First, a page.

But PS 189 students have been prepping for weeks. Instead of regular classes, children took practice tests every morning in March, teachers and parents said. Reading was Monday and Tuesday, math was Thursday and Friday, and most Wednesdays they took both. The afternoons were saved for more test prep, focusing on questions the kids got wrong.
State-mandated standardized tests for students in grades 3-8 begin on the Tuesday right after spring break. There are three days of reading (ELA) tests: April 17, 18 and 19 and three days of math the next week: April 25, 26 and 27.
Have the teachers been spending lots of time preparing kids for the increasingy high-stakes exams? Your child's test results help determine the "grade" his teacher will get on her evaluation. the grade his school gets on its Progress Report and even whether the school could be closed down or "turned around".
For students in transition from elementary to middle school and from middle to high school, results on the 4th and 7th grade exams can be a determining factor in where they are accepted!
Given all the testing mania, are teachers being pressured to "teach to the test"? Are they weaving test prep into classroom lessons or has test prep become the lesson?
How has your school handled test prep this year. Too much? Too little? Just right? Take our poll!
A group of parents have launched a petition drive to try and reverse the increasing importance of standardized exams in city schools. In particular, they are opposed to a new law that could get teachers fired if their students' state test scores don't increase sufficiently.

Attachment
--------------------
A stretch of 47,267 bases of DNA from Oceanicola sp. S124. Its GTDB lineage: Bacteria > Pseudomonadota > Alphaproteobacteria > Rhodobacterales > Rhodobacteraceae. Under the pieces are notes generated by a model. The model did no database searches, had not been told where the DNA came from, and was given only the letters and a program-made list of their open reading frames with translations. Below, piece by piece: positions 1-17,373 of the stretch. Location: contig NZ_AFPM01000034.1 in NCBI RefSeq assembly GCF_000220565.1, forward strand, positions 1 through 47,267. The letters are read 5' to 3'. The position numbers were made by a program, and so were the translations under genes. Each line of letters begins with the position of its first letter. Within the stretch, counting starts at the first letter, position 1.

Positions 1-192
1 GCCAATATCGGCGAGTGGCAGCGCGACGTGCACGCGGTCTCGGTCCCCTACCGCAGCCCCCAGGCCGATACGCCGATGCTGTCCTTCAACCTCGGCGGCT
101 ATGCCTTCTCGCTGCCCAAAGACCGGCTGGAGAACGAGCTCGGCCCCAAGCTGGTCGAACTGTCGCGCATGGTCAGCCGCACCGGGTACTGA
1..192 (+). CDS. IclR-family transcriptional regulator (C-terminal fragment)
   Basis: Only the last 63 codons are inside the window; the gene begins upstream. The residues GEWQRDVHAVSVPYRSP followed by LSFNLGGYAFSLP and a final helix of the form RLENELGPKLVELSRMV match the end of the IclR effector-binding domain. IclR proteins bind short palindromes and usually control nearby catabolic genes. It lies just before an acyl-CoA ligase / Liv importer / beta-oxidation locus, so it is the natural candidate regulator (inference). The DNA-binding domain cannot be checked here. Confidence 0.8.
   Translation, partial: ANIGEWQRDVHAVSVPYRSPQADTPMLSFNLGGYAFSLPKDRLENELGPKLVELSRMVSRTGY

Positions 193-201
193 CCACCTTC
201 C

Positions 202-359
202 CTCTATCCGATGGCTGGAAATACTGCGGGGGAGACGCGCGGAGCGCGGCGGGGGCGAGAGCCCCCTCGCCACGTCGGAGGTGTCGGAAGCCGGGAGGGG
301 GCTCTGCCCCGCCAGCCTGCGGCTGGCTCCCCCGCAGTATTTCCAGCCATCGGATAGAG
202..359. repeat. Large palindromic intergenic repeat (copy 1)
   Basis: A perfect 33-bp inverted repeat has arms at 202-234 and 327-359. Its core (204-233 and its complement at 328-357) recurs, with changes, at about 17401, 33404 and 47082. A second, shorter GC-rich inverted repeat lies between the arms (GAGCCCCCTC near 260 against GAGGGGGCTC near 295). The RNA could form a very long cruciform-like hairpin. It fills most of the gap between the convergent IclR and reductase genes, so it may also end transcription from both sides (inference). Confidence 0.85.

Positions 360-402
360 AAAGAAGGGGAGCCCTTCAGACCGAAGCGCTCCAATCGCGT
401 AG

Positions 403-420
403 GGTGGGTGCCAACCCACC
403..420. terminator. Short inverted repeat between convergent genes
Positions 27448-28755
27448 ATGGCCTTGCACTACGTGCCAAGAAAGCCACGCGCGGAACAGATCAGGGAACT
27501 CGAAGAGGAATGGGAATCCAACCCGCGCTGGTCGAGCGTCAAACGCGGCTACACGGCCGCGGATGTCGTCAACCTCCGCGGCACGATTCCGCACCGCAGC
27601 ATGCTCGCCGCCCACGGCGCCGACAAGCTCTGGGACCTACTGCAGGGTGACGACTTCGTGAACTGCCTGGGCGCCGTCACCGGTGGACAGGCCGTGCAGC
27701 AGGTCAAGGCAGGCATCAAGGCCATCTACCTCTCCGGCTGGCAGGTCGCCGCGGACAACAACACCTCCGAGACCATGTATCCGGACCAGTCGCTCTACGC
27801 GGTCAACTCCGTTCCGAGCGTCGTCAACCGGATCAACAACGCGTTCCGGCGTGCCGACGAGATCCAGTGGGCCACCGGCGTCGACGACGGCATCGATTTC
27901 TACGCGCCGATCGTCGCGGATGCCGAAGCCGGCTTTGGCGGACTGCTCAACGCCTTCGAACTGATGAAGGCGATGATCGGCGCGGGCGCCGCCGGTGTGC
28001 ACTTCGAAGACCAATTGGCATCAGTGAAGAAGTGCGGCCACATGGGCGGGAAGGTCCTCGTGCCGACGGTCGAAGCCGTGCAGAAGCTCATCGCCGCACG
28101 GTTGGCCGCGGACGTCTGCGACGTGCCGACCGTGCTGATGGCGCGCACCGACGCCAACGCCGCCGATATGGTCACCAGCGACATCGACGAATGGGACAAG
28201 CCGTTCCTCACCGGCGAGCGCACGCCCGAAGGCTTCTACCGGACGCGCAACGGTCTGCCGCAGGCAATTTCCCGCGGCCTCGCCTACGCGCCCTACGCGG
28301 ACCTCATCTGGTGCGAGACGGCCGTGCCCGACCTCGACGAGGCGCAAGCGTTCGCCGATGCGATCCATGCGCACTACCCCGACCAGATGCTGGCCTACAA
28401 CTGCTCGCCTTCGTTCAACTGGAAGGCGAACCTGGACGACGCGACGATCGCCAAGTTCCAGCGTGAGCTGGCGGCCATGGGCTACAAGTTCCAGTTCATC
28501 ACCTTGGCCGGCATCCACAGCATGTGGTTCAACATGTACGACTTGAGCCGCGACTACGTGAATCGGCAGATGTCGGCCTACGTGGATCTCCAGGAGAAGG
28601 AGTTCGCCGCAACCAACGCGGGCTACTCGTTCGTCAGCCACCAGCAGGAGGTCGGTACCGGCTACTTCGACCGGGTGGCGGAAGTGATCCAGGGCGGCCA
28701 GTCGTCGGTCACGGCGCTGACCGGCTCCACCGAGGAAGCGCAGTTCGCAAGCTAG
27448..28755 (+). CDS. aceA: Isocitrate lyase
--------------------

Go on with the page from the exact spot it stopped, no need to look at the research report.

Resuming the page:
"Parents want their children to have the opportunity to learn, to think critically, to engage in meaningful relationships with teachers, and to have positive school experiences," the Brooklyn-based group of parents write.
They also do not want to see a repeat of the Teacher Data Reports, which used state exams to evaluate teachers and then made the dubious ratings public.
They've gotten about 1,000 signatures by tabling outside schools, mostly in Brooklyn. Now there's an online petition you can sign if you want to join their effort.
Sparks flew at the Brooklyn Secondary School for Collaborative Studies on Monday night as the chief academic officer defended the city's heavy reliance on standardized exams to judge schools, principals and teachers.
Deputy Chancellor Shael Polakow-Suransky was under fire all night from the crowd in the packed school auditorium in Carroll Gardens. The two principals on the panel who said they believed the testing regime had damaged education in city schools.
The former head of the Office of Accountability kept his cool and acknowledged that the current state exams did not do a good job at measuring "critical thinking," but he denied that the exams were overly influential and said that better tests were coming. Why, then, has the Bloomberg administration made such a public spectacle of the A through F grading system, which is mostly based on student progress on the exams, if they aren't very good? Polakow-Suransky never answered that question.
You can read more about the event, which was moderated by Insideschools reporter Meredith Kolodner, on GothamSchools and SchoolBook. Watch a video clip of the meeting from the Grassroots Education Movement: